How we are widening access to research careers

Our nine-week summer student training programme gives undergraduates a taste of life in the lab. Our director of academic training Sally Leevers explains how and why we’re making changes to the programme this year to give groups that are under-represented in science access to valuable research experience.

There is increasing awareness of the lack of diversity in UK science careers, with data showing inequalities by ethnicity, by socio-economic background, and for different regions of the UK.

At the Crick, we’re committed to increasing diversity within our own programmes, and to supporting progress in this area across the UK research community.

Inequalities in research careers are particularly obvious at the undergraduate to postgraduate stage, so we are making some changes to one of our undergraduate programmes.

Following the data

For the past five years, we’ve welcomed around 20 undergraduate students to our labs and facilities for nine weeks every summer to experience life as researchers.

This year, we are focusing our summer student training programme on excellent students who might be less likely to have access to practical research experience because of financial or social barriers, not because of a lack of academic potential.

By diversifying the pool of students who have access to research experience as undergraduates, we hope to diversify the group of people pursuing PhDs and other scientific careers in the future.

We are adding three eligibility criteria. To be eligible in 2023, students must be:

  • of Black ethnicity, and/or
  • studying at a university on our priority institutions list, and/or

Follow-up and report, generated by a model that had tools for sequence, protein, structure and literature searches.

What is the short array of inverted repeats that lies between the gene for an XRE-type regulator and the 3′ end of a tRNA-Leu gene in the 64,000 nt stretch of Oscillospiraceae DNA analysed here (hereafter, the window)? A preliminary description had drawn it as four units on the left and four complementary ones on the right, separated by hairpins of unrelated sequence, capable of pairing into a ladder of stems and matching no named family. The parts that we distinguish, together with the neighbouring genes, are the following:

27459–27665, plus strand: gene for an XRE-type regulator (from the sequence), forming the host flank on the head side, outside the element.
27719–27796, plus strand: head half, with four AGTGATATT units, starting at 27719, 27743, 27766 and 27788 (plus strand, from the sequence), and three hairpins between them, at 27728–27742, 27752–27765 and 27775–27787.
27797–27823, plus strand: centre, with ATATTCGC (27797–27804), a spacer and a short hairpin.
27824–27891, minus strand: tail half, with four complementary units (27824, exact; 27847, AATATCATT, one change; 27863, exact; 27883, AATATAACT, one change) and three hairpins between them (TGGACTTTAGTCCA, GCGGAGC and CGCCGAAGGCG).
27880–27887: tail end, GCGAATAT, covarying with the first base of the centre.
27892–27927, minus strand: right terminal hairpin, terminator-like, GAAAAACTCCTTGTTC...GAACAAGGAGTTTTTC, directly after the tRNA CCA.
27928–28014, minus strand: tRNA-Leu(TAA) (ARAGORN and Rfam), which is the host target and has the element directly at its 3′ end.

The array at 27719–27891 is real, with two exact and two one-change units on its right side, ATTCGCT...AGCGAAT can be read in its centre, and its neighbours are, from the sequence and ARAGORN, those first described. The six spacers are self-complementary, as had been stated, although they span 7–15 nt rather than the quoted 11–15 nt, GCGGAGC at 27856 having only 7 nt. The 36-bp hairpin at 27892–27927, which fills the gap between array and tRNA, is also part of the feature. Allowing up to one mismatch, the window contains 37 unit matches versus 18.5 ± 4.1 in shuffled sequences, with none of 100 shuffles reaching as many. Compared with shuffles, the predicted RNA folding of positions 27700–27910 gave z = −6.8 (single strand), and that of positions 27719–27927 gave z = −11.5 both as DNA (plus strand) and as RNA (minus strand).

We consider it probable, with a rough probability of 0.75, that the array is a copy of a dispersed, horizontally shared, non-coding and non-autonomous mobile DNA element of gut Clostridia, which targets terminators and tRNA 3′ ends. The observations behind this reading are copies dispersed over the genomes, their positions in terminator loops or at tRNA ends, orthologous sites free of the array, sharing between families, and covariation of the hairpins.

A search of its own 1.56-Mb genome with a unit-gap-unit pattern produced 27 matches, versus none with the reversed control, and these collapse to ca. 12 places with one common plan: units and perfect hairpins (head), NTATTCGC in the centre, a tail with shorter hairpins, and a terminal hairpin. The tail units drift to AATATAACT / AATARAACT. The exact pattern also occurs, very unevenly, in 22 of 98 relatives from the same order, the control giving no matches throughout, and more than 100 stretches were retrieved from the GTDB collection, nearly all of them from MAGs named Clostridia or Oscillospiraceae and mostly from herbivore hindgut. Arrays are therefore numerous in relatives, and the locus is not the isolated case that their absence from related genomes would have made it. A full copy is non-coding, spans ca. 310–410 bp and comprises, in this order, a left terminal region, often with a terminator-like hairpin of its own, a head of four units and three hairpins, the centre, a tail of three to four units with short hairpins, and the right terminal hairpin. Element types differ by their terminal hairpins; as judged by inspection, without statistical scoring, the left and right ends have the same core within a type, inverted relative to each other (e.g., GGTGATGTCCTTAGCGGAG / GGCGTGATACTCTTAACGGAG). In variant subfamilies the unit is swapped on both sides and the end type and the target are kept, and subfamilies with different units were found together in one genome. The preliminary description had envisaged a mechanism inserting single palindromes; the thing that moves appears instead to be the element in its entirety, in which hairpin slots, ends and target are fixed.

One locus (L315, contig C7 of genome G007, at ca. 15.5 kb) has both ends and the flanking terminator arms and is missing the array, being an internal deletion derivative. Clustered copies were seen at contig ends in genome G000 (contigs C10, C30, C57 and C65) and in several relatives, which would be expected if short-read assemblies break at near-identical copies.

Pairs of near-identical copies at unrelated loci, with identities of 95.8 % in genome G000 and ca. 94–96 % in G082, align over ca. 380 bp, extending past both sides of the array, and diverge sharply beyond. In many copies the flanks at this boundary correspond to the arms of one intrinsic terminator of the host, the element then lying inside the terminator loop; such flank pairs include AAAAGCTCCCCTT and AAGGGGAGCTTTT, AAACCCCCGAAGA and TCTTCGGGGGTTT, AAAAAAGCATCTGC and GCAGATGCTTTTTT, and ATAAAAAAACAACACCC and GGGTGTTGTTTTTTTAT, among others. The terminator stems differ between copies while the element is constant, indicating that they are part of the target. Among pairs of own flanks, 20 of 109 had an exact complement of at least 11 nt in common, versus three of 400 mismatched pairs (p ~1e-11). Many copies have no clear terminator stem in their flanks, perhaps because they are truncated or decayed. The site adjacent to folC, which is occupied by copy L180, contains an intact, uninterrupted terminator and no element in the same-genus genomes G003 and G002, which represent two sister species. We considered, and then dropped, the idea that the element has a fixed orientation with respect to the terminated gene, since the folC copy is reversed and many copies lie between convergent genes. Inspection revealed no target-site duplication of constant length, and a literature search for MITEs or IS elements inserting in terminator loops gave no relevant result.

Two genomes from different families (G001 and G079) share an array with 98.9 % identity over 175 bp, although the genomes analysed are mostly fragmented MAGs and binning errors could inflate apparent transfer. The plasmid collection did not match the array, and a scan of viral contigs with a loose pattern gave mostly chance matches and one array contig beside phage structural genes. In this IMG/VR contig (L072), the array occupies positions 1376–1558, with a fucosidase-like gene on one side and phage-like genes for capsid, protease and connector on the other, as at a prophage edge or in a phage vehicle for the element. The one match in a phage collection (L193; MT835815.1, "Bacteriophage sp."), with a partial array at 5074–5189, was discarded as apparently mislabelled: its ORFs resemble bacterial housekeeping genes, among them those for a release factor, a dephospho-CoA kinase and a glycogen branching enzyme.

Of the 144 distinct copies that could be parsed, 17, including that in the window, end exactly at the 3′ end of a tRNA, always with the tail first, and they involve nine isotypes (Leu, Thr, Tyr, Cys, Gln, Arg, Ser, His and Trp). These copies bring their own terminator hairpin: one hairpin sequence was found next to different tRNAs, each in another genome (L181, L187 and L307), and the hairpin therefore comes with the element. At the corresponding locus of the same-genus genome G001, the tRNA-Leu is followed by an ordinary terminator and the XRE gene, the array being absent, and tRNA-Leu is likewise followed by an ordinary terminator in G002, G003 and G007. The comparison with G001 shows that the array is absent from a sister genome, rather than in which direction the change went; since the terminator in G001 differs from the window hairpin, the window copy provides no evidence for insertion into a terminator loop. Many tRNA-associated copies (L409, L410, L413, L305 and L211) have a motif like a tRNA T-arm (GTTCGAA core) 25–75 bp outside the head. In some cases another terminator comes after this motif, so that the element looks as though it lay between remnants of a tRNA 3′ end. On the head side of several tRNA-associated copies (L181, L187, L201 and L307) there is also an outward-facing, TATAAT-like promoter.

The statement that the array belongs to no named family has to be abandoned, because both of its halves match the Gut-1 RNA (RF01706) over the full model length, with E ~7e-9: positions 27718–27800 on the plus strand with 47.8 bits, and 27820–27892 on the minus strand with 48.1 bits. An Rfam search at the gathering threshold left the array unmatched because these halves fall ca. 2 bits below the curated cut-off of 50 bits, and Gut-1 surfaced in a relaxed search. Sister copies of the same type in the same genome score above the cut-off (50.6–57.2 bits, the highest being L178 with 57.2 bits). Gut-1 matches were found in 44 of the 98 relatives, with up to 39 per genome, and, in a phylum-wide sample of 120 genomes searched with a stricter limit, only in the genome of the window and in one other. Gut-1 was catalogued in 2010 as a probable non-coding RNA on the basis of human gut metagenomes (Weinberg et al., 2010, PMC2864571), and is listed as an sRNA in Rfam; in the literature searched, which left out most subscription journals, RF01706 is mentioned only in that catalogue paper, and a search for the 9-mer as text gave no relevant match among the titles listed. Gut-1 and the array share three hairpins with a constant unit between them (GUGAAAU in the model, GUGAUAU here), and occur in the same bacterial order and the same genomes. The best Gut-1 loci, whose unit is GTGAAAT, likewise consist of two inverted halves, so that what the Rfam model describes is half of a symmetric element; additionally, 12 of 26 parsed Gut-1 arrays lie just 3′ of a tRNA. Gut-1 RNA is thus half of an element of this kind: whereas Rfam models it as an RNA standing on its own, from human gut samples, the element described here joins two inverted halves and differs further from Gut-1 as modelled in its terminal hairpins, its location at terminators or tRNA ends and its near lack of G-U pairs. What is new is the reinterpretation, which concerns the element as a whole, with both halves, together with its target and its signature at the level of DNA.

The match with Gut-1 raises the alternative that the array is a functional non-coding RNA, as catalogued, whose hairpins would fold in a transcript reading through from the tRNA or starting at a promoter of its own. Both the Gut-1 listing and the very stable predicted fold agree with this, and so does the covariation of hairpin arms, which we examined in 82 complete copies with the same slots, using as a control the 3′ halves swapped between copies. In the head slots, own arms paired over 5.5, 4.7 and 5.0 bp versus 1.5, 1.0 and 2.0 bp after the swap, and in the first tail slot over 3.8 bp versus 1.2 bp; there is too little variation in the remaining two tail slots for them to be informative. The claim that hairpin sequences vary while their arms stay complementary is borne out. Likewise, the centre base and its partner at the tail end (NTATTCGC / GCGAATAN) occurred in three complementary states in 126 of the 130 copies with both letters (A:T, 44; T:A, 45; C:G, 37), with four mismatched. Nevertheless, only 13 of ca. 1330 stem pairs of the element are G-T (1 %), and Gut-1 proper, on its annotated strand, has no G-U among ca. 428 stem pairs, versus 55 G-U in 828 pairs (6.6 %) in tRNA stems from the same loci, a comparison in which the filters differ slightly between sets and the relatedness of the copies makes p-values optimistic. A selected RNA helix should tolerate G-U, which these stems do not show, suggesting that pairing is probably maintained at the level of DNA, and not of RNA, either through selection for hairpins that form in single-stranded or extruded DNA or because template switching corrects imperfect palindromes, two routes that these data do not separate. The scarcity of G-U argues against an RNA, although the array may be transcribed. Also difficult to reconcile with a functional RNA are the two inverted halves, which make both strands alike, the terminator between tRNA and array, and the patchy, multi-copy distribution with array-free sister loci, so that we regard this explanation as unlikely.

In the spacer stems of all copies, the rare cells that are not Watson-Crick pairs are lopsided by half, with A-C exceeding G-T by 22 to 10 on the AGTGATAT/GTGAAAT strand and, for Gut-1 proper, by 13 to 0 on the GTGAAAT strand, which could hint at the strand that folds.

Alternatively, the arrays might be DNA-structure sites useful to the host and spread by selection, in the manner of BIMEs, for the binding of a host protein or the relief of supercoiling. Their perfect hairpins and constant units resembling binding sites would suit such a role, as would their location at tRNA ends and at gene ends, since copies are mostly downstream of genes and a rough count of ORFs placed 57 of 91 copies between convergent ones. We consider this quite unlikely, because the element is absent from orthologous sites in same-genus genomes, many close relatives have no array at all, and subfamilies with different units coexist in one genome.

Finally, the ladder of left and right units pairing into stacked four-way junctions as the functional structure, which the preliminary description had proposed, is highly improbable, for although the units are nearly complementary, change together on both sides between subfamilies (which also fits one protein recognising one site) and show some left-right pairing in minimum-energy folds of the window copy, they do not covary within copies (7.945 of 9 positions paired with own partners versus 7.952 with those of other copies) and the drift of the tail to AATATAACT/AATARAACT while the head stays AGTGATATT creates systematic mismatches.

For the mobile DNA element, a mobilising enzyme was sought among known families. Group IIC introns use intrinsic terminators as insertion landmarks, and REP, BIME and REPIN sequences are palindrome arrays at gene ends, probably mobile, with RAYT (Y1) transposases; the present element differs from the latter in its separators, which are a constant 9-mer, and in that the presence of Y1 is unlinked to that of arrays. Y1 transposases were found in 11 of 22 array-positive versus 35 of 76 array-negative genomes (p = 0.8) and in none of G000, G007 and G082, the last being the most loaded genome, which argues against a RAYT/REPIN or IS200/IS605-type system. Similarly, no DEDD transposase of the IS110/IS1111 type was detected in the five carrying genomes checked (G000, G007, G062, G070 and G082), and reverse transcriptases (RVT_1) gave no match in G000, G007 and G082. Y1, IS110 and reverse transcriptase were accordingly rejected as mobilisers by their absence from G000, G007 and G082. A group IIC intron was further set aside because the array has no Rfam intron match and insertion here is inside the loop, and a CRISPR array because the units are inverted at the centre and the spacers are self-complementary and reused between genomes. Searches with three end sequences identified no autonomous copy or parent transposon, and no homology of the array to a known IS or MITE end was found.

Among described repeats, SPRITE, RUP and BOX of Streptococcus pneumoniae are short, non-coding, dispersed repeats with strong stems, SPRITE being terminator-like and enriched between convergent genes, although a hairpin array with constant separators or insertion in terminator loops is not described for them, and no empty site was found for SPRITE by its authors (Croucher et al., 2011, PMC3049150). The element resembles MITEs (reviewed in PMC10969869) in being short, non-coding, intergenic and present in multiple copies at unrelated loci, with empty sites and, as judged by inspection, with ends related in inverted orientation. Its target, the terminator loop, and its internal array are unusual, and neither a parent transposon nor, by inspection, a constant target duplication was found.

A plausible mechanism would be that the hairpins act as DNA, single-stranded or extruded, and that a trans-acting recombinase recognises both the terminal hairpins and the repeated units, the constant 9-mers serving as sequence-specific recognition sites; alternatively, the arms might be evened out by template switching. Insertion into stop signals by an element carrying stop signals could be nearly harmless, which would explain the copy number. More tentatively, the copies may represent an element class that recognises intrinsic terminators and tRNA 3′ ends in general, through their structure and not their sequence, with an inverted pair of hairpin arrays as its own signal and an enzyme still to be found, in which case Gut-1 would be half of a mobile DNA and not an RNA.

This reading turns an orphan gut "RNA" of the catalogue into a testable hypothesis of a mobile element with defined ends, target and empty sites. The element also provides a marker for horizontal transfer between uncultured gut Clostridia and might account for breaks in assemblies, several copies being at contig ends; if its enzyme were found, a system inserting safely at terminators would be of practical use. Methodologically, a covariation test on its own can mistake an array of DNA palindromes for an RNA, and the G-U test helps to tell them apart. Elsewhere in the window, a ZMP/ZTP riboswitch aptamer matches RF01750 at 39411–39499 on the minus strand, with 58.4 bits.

• in receipt of enhanced maintenance support from the relevant UK student finance agency to help with their living costs during their studies.

These criteria were chosen because they target inequalities we have identified in our programme. They do not account for every group that is under-represented in science, but rather groups with significant disparity between the UK undergraduate population and the Crick summer student training programme to date.

Building a sustainable programme

We hope that these changes will give a broader pool of undergraduates access to our training programme, and help them to make informed decisions about their future careers.

The programme will also provide a valuable experience to our postdocs, who will train and supervise the students.  We’ll share updates on our progress later this year.


We believe that this change is needed to widen participation in science by providing important lab training and experience for students from groups that are under-represented in science.

We hope that these changes will mean that a more diverse group of students will progress to PhD and science careers at the Crick and beyond.

John Diffley

Principal Group Leader & Associate Research Director

I’m delighted the Crick is doing this. Our summer placement is a major enhancement to any undergraduate CV and will enhance future PhD or job applications.

The changes to eligibility criteria mean that we can attract high potential, talented students from lower income backgrounds, from under-represented ethnicities, and from a wider range of UK universities.

We will host excellent, motivated students who would otherwise be much less likely to access quality scientific training and work experience because of financial or social barriers – not because they lack academic potential.

Alison Forbes

Inclusion Manager

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